Goodwill, impairment and a different IASB.

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exIFRS
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Goodwill, impairment and a different IASB.

Post by exIFRS »

Not a question but an observation. The IASB has released its Discussion Paper on Goodwill and Impairment in March. A key paragraph is IN38 which states:
"The Board’s preliminary view is that it should retain the impairment-only model and not reintroduce amortisation. However, the majority for this decision was small: eight of 14 Board members voted in favour. Therefore, the Board would particularly like stakeholders’ views on this topic."
Personally I have been convinced by the value relevance arguments which state that impairment contains market relevant information, whereas amortisation obfuscates it.

Over the next 14 months four Board Members (including the chairman) will leave the IASB, with one (Gary K. from the US) not being replaced it seems. At least one new Board Member has indicated publicly a preference for Amortisation where I suspect (without checking) his predecessor voted for impairment. This alone would have changed the complexion of the vote. So it will be interesting to see what happens with the Exposure Draft.

You can read the exposure draft, and comment here: https://www.ifrs.org/projects/work-plan ... mpairment/
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Re: Goodwill, impairment and a different IASB.

Post by Marek Muc »

Hi! Thanks for starting this discussion here :) Personally I'm strongly in favour of reintroducing amortisation of goodwill. I agree that impairment-only model is better conceptually speaking, but the reality makes it much worse than amortisation model. And there is only one reason for that: impairment is based on management forecasts which are impossible to challenge by auditors. I even sent a short comment letter to IASB and it seems that I'm the only one so far:)
http://eifrs.ifrs.org/eifrs/comment_let ... irment.pdf
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Re: Goodwill, impairment and a different IASB.

Post by exIFRS »

My problem with amortisation is that you can't differentiate "good" acquisitions from "bad" ones. When everyone is amortising on an arbitrary basis there is no value relevance to the information beyond the originally recognised amounts.

What about just expensing it immediately? Only allow identifiable intangibles to be capitalised. I bet this would mean organisations "discover" a whole lot of identifiable intangibles they previously just lumped into goodwill, and would give us a lot better information than just "synergies". Also at least this might give us a better way to assess useful life estimates.
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Re: Goodwill, impairment and a different IASB.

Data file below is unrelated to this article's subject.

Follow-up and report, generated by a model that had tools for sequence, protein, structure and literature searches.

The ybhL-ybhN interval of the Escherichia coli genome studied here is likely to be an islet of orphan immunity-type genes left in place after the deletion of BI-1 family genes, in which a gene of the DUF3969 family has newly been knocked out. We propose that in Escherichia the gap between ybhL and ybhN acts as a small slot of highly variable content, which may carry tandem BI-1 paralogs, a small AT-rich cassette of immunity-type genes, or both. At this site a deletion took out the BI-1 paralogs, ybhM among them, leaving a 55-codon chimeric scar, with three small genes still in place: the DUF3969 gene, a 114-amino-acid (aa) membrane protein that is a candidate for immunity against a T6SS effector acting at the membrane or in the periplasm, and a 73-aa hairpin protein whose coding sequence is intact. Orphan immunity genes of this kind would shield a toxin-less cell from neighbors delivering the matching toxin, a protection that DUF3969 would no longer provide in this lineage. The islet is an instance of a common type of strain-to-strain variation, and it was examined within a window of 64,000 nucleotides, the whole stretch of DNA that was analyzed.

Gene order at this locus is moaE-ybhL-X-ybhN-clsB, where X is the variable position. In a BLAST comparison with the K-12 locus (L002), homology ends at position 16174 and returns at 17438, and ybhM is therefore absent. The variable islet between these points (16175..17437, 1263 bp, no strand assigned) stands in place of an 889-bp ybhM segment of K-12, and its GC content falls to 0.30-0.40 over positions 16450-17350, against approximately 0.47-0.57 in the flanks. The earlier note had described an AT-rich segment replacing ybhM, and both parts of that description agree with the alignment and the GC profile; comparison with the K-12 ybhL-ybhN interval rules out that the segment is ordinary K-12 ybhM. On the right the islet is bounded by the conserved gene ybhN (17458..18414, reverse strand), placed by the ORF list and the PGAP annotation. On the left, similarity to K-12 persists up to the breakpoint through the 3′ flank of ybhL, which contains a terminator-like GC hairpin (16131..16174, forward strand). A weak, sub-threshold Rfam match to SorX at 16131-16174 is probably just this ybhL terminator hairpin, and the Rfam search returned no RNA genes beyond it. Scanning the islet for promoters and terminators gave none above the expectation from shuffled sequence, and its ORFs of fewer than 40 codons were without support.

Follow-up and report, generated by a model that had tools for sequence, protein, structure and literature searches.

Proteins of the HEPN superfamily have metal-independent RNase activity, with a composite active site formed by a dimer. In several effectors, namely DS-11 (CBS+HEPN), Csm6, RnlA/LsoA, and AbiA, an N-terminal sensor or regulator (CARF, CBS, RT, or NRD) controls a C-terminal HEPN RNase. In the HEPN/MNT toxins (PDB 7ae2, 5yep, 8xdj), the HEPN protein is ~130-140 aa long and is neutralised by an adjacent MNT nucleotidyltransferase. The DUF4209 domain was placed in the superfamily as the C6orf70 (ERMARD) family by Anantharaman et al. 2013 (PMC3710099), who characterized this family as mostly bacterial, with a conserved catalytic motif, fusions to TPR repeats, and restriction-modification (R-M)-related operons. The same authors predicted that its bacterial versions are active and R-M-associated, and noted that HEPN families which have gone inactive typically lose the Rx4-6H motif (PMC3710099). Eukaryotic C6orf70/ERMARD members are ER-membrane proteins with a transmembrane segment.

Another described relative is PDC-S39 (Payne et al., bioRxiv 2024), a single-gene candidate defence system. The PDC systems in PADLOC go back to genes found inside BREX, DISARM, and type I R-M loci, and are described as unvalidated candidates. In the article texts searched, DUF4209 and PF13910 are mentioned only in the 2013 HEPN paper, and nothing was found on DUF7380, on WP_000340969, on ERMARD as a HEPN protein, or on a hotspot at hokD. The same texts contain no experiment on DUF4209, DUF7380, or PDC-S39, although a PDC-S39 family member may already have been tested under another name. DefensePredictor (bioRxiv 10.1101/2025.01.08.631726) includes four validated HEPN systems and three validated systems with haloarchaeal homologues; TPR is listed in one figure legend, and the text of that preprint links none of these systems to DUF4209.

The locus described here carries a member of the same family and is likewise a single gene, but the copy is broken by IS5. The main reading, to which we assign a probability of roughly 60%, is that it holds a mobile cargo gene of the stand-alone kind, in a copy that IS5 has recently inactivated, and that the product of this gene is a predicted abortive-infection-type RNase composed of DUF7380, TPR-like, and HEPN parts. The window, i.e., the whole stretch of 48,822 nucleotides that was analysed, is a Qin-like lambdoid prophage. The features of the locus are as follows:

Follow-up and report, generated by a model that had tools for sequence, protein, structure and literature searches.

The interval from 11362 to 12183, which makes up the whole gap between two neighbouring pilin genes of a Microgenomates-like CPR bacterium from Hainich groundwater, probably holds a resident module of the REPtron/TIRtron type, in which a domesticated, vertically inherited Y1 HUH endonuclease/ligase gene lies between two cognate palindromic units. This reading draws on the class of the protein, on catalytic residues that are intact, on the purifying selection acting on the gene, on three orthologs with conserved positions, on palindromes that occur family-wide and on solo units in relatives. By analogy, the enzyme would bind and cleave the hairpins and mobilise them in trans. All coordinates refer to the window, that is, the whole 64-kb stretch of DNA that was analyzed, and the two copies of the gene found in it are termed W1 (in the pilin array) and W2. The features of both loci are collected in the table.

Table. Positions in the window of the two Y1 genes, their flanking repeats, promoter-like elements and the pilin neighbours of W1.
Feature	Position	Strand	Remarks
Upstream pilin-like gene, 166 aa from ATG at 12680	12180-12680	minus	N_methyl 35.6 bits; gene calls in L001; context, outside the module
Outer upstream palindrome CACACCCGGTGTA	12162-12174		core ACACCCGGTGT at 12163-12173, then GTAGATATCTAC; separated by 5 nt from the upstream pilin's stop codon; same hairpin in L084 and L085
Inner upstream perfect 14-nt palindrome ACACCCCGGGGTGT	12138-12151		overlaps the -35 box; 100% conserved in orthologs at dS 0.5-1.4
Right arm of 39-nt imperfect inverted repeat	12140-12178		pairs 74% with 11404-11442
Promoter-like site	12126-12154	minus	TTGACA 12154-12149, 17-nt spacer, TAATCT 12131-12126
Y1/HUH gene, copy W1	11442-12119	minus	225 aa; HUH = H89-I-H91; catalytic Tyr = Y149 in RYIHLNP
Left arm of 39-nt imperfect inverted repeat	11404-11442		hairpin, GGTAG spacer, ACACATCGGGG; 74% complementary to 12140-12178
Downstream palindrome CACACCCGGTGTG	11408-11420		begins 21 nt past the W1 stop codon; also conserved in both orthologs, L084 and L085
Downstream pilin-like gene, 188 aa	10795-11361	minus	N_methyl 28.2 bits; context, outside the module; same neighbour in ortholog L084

Post by Marek Muc »

I personally don't think that financial statements should be the primary place where you look for information about the performance of a specific M&A.

What makes up goodwill? Mostly synergies, unrecognised intangibles, workforce. Then let's include their amortisation in P/L over time as you use those assets over time. Of course, useful life will possibly be more arbitrary than for other intangibles, but still it's better that way IMO.

I don't know if you've read this part of ED - the discussion on amortisation vs impairment is really deep and insightful, a real pleasure to read ;)
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Re: Goodwill, impairment and a different IASB.

Post by JRSB »

I would like companies to have to decide and disclose what the goodwill actually represents, rather than an unknown benefit ascribed to overall general benefits. This could have the effect of bringing staff skills on to the balance sheet, but if that's what you pay an excess for then so be it. Auditors will then have a better handle on impairments.
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Re: Goodwill, impairment and a different IASB.

Post by Marek Muc »

it is a requirement to disclose what goodwill actually represents (IFRS 3.B64(e)), but usually it is ticked-off with boiler-plate blah blah
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Re: Goodwill, impairment and a different IASB.

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Agree but most companies I review don't bother. Which means it lingers for ever.
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Re: Goodwill, impairment and a different IASB.

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yep, so maybe you'll join me and write a short comment letter to IASB in favour for amortisation? ;)
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Re: Goodwill, impairment and a different IASB.

Post by JRSB »

I suppose I'm in favour of robust identification of intangible assets and more aggressive/timely impairment rather than amortisation.
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Re: Goodwill, impairment and a different IASB.

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I think for now I have to stand with JRSB on this one.
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Re: Goodwill, impairment and a different IASB.

Post by Marek Muc »

I see, but do you believe it is even possible? I think that IFRS should take reality into account (e.g. how cash flow projections are prepared and how they proved impossible to be challenged by auditors)
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Re: Goodwill, impairment and a different IASB.

Post by exIFRS »

In the words of Hans Hoogervorst (Chair of the IASB) in 2018: